But it could save South Africa from certain implosion. Unless the country's leadership, values and priorities are overhauled, such a deal may be absolutely necessary.
This will mean others involved in the arms deal might also have to be given immunity deals. As the most senior ANC leader, Zuma should put his stamp to such a deal.
Most importantly, Zuma appears to have lost the trust of large constituencies within and outside the ANC.
The reality is whatever reform, whatever new appointment made by the president will be viewed with skepticism, seen as yet another partisan move to benefit him either personally, his allies or his faction.
No matter how popular one is, if one's credibility is gone, government will remain in paralysis as opponents fight one's every move.
Ordinary ANC members and citizens will suffer most from the ANC's leadership battles at a time when the country needs credible, trustworthy and forward-looking leadership to deal with rising poverty, joblessness and poor public service delivery.
The country is also facing an uncertain future because of the negative spillovers from global and Eurozone financial crises, which will mean fewer buyers for South Africa's products, which will translate into fewer jobs at home.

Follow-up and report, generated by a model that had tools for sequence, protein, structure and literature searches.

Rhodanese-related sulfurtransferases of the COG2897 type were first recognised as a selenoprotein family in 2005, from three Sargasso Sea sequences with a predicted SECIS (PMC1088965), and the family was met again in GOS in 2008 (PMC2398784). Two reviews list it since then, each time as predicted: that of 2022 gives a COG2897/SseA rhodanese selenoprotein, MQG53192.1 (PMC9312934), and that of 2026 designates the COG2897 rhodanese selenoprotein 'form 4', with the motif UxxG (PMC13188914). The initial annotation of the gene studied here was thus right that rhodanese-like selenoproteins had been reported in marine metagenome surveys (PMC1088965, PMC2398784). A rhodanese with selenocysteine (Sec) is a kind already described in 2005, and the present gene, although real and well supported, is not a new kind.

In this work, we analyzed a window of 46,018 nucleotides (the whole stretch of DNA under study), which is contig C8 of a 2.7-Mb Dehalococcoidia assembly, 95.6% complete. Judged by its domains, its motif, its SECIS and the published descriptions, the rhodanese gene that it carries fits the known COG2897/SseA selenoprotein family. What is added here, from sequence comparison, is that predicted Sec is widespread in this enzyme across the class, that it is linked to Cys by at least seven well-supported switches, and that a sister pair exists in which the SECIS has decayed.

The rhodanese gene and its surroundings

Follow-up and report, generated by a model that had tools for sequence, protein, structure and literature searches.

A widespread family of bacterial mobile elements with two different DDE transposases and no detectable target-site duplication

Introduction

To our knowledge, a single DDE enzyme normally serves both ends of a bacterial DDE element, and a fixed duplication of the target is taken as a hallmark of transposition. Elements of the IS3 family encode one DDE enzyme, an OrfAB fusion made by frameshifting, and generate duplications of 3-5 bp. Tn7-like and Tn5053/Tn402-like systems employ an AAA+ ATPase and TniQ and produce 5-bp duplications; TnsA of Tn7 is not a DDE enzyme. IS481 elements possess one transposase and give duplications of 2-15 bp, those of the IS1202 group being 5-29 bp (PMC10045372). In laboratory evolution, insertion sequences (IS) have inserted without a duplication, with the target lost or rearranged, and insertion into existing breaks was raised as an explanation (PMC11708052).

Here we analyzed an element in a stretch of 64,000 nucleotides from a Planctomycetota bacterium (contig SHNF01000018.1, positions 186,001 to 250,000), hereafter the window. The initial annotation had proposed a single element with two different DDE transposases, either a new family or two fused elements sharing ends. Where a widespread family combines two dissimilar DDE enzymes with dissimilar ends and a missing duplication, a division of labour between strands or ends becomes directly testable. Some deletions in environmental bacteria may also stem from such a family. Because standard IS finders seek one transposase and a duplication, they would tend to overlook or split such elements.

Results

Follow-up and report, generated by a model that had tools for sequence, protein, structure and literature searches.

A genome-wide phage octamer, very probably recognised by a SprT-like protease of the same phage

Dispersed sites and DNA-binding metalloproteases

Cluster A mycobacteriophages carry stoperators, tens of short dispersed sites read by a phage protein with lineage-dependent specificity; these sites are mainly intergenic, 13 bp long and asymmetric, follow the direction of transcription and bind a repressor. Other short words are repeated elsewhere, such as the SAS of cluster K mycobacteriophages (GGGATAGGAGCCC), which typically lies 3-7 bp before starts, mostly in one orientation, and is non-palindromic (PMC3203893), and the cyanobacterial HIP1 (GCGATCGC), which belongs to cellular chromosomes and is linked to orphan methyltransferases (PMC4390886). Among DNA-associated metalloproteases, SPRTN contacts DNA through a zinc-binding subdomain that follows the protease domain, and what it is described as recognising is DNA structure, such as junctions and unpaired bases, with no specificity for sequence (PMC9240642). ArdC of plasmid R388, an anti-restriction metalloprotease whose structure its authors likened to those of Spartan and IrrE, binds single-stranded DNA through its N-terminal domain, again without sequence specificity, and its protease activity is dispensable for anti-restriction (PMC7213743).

Furthermore, new rising emerging powers such as China, who portray themselves as our allies, but are in fact our deadly competitors, will edge us out in Africa. Again, this will mean fewer jobs at home.
Unless we have intelligent leaders who can deal with the rise of the new emerging powers such as China, South Africa may face the prospect of being recolonised.
Unfortunately, the perception has taken root that the Zuma presidency is only looking after its "own" and it is not using the talents of all South Africans, let alone all the talent in the ANC. Using all talents is absolutely necessary to create wealth for all, rather than a few.
- Gumede is honorary associate professor, Graduate School of Public and Development Management, University of the Witwatersrand and author of the bestselling book, 'Thabo Mbeki and the Battle for the Soul of the ANC'.